Originally published in Blakes Bulletin on Gaming, December 2007
Prohibits advertising of illegal Internet gambling sites in Ontario or primarily intended for Ontario residents
Complements the federal Criminal Code's gambling provisions
The Ontario government has enacted amendments to the Consumer Protection Act (the Act) that specifically prohibit the advertising of illegal Internet gambling sites. The amendments will come into force on January 1, 2008.
The amendments provide that no person shall advertise an Internet gambling site that is operated contrary to the Criminal Code (Canada) and that no person, other than an Internet service provider, shall arrange for or otherwise facilitate such advertising.
In Canada, the conducting of gambling is an offence under the Criminal Code but it is permitted pursuant to limited exceptions. The most relevant exception in a commercial context is gambling conducted and managed by provincial governments. Another exception is private bets between individuals not engaged in the business of betting.
By aiding and assisting illegal gambling activity, advertisers could be found liable under the existing Criminal Code provisions. The amendments enacted by Ontario complement the federal Criminal Code provisions and provide the province with a means within its jurisdiction of addressing illegal gambling sites. Under Canada’s constitution, provincial governments have jurisdiction over property and civil rights, under which falls consumer protection legislation, whereas the federal government has jurisdiction over criminal matters.
The offence created by Bill 152 only applies to advertising that originates in Ontario or is primarily intended for Ontario residents.
Although courts have yet to conclusively determine the matter, offshore Internet gambling operators, and those who aid or assist them, would also likely be liable under the Criminal Code where there is a sufficient connection with Canada, such as where advertising is intended for Canadian residents.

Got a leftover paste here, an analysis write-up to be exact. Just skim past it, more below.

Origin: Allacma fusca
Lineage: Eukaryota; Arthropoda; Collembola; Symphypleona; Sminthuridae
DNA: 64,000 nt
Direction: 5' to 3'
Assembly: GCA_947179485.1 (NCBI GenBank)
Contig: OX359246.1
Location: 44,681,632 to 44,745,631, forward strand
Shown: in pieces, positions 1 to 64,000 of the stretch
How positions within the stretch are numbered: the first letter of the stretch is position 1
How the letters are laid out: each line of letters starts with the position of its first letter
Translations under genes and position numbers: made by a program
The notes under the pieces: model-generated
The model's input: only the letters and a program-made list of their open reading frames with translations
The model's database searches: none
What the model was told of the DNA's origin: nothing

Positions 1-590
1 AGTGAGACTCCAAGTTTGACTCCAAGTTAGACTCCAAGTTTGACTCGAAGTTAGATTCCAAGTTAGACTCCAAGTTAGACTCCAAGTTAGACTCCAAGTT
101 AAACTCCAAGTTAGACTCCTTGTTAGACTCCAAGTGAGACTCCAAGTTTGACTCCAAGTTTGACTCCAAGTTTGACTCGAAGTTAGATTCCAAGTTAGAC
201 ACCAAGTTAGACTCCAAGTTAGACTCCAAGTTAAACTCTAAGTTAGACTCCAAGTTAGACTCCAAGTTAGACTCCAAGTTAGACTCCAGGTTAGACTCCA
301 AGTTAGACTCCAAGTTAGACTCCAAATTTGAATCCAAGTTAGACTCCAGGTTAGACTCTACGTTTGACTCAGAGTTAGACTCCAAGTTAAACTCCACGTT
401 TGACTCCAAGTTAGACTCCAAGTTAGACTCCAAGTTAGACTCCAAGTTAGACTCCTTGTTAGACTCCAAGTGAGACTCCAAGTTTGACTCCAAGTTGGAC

Advertising And Illegal Internet Gambling Site Defined Broadly
What constitutes advertising of illegal Internet gambling sites is defined broadly in Bill 152 to include:
providing, by print, publication, broadcast, telecommunication or distribution by any means, information for the purpose of promoting the use of an illegal Internet gaming site,
providing a link in a Web site for the purpose of promoting the use of an illegal Internet gaming site, but does not include a link generated as the result of a search carried out by means of an Internet search engine, and
entering into a sponsorship relationship for the purpose or promoting the use of an illegal Internet gaming site.
The amendments also define broadly an illegal Internet gambling site as a site that accepts or offers to accept wagers or bets over the Internet:
as part of the playing of or participating in any game of chance or mixed chance and skill that is to take place inside or outside of Canada, or
on any contingency or on any event that may or is to take place inside or outside of Canada, including, without restricting the generality of the foregoing, a casino game, card game, horse race, fight, match, sporting event or contest.
Under Bill 152, Ontario’s Ministry of Consumer and Business Services will be authorized to investigate and facilitate the prosecution of advertising of illegal Internet gambling sites. Conviction under the Act will carry liability, for individuals, of fines of up to C$50,000 and imprisonment of up to two years less a day, or both, and, for corporations, of fines of up to C$250,000. Courts may also order the payment of compensation or restitution. These penalties are separate from and can be in addition to the penalties provided under the Criminal Code for conducting, or aiding or assisting in the conduct of, illegal gambling, which include imprisonment of up to two years.
The content of this article is intended to provide a general guide to the subject matter. Specialist advice should be sought about your specific circumstances.
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